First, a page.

Easiest way to cover the show is cycle through the 4 presenters, starting with Jimmy Carr. His quick coverage of the news segment that each show starts off with is similar to that HIGNFY does with its witty quips after each news item, except Carr is even more direct about its satire of the story. He has made quite a name for himself being a shock comic. Now I do think there is a place in comedy for shock comics. Even though I dismissed Frankie Boyle earlier, he was at least more interesting than the other panellists on Mock the Week. However Carr’s barbs are often more barbed and less nasty for the sake of it, which makes them easier to laugh at without feeling like a horrible person. You are actually laughing at the joke rather than the intent of the joke. Well, most of the time anyway.

His sketch segments don’t work quite as well though. I feel rather harsh criticising individual ones, as the nature of sketch comedy like these is that they don’t always work. Every sketch comedy, from Monty Python to Daily Lives of Highschool Boys, has had sketches that simply don’t work. Heck, even a lot of Jon Stewart’s segments don’t quite work. He does sometimes brute force his way through them by being an inherently funny comic, as does Jon Stewart. Also I’m easy to please and Jimmy Carr in a dress is sometimes enough to make me laugh. But enough of them don’t work for me to sometimes feel just a bit silly to be watching them at all.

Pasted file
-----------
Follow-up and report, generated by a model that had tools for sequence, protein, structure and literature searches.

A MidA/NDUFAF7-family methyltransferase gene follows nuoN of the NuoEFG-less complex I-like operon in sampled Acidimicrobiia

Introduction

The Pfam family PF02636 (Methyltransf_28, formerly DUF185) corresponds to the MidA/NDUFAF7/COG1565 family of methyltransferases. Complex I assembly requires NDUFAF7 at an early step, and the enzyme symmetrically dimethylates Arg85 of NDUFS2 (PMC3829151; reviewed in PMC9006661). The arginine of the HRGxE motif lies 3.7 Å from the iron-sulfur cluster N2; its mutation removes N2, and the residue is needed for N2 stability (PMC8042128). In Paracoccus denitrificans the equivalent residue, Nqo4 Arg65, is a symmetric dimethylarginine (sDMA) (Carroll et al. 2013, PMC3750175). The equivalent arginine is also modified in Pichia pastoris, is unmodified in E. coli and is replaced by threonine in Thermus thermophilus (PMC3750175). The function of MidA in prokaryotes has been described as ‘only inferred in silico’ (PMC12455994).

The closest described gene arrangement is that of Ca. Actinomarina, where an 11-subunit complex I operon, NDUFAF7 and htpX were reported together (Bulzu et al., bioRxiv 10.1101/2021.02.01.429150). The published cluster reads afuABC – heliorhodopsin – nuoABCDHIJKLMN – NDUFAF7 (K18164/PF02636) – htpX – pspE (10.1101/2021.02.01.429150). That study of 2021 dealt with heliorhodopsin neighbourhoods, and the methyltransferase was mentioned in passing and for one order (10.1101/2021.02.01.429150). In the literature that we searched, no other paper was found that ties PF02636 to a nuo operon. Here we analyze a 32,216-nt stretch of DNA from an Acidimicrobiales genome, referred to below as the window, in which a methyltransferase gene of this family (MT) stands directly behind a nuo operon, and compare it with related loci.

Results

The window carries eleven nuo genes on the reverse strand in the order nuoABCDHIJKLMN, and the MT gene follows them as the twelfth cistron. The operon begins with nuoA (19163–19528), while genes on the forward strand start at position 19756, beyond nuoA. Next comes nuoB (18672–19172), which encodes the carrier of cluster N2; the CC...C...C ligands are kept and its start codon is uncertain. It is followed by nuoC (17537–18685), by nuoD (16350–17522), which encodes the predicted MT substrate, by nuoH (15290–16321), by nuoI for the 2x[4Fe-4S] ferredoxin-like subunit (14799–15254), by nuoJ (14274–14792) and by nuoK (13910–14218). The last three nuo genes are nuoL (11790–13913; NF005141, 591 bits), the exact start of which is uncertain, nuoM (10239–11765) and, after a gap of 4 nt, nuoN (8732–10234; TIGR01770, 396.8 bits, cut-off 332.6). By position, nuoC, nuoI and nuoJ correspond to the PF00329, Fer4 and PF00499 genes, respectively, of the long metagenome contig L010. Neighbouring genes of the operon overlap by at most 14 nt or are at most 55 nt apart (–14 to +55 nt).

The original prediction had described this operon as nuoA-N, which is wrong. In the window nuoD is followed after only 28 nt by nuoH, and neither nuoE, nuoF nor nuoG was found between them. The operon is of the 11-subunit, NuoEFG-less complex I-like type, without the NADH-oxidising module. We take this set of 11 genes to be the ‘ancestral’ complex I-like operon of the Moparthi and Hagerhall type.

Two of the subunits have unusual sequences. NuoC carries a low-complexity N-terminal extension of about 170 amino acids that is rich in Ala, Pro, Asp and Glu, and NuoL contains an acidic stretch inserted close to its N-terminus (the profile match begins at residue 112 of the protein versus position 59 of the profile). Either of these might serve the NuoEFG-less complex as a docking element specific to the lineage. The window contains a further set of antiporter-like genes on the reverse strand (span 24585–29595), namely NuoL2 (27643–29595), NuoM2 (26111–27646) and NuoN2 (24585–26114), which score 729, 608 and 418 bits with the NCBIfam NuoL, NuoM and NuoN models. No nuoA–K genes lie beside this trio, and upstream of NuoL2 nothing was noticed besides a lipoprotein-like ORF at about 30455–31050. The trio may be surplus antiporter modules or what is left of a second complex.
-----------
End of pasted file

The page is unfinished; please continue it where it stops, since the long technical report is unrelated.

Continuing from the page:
Charlie Brooker is the kind of guy who attracts rabid fans of his style of ranty satire, but I think his ability is limited. For example, he’s a complete failure at talking about anything that requires nuanced coverage. But in full rant mode against something that’s clearly wrong, such as Gaddafi or media coverage of the Japan Earthquake, he’s the star of the entire show. Thankfully the show seems to realise this, even going so far as to reference his cynical nature about everything when the cast go into their round-table discussions. Just so long as the show remembers that, I think he’s great.